Gunjit Jain says that toothpaste penetration in India has reached 100 percent. Almost 100 percent of India’s households have a toothpaste at home.O
ral category in India stands at 2 billion US dollars. The majority chunk of that is toothpaste. Yet, 80 percent of urban Indians brush just once a day and 55 percent of their rural counterparts do not even brush daily; they brush occasionally. If instead of just brushing in the morning, we also brush at night, the chances of developing cavities drop by a whopping 50 percent. Using this insight, Colgate has come up with The Sweet Truth campaign.
Gunjit Jain, executive vice president of marketing at Colgate-Palmolive India breaks down Colgate’s strategy to change customer behavior and habits in regards to oral hygiene through The Sweet Truth campaign. Edited excerpts:Q. Can you explain the need of the Sweet Truth campaign? How did Colgate conceptualize the ad?
Did you know that 9 out of 10 Indians suffer from cavities at any point in time whereas only 1 out of 10 realise that they do? 9 out of 10 is a very high number; that’s because of the kind of foods that we consume as Indians, whether it is sugar, processed food, sodas. All of these foods come in contact with our teeth, the teeth lose calcium and minerals thus exposing themselves to cavities. Only 1 out of 10 people realise that they have cavities’ because people don’t visit dentists often enough. These issues go undetected; therefore they reach painful outcomes such as tooth pain, root canal or extraction.
But, cavities can be prevented. For instance, if instead of just brushing in the morning, we also brush at night, the chances of developing cavities drop by a whopping 50 percent. Colgate has embarked on this mission to make people realise that they can avoid cavities by just brushing tonight.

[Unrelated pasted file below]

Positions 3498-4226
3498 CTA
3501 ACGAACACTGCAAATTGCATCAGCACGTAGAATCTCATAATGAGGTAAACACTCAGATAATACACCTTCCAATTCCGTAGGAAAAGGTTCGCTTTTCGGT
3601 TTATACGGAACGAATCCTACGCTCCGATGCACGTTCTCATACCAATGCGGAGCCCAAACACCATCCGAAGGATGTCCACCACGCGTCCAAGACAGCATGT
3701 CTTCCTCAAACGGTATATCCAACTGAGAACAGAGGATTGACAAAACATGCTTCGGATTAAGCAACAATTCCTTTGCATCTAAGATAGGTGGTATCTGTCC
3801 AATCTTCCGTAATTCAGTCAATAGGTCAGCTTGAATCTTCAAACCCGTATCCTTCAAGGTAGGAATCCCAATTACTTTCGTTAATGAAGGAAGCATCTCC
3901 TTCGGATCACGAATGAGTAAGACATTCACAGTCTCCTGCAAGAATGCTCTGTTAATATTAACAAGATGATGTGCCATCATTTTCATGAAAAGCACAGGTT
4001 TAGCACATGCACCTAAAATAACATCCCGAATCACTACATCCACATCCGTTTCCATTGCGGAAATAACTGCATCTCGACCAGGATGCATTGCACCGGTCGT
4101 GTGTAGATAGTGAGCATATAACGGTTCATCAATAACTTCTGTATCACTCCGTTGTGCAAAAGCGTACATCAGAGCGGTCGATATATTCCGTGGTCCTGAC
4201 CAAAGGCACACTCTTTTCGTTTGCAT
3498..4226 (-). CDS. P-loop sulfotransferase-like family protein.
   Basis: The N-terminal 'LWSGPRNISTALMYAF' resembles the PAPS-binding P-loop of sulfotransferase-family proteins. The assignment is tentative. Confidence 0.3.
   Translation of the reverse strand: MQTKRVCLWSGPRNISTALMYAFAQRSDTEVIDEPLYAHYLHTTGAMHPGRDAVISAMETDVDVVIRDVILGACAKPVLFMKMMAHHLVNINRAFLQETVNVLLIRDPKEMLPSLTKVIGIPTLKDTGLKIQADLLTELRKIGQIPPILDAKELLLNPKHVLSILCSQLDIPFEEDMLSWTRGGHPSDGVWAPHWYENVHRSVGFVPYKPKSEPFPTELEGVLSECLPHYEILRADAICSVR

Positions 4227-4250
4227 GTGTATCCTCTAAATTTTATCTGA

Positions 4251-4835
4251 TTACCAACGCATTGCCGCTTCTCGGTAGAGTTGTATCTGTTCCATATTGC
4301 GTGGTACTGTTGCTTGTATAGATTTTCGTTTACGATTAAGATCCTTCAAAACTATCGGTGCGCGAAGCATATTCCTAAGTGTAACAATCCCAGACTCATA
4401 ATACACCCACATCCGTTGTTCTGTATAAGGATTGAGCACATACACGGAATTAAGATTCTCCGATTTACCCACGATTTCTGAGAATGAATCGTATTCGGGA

The last thing millions of people put on their teeth is sugar and not toothpaste. Indians irrespective of geography and demography are sugar obsessed; we cannot resist picking up something sweet after dinner tonight whether it is chocolate, laddu or kulfi. Even though many people know sugar is bad for us, we can’t resist. Therefore, the Sweet Truth campaign.Q. The campaign was released during the festive season. What was the rationale behind it?
The festive season is definitely a period where consumption of sweets and snacking behaviour is going to get accentuated. It is surely timely. We are breaking on air at a moment in time where it becomes even more relevant, but would it lose relevance immediately after that? Absolutely not. This is our mission which is going to continue for years and years.
Behavior change doesn't happen overnight. The campaign aims to make people realise that while sugar is the last thing you are putting on your teeth, you can save yourself from cavities if you are brushing at night.Also read: From Flipkart to Google, brands are making billboards great againQ. How has the customer evolved over the years in the oral hygiene category?
I joined this company back in 2008. I worked with the India Colgate subsidiary and after that I have been out for a decade and now I have come back. During this time, the one thing that I have really been surprised to see is that the category penetration in this country has now reached almost 100 percent which means almost 100 percent of India’s households have a toothpaste at home.
Not many categories can boast of this. It used to be a relatively lower number than this almost a decade ago. However, the gap still remains which is where the evolution in the oral hygiene category hasn’t happened to that extent. Even though there is toothpaste in every household, 80 percent of urban Indians brush just once a day. Similarly, 55 percent of their rural counterparts do not even brush daily; they brush occasionally. That is why they still have oral health issues.Q. How is Colgate addressing this gap?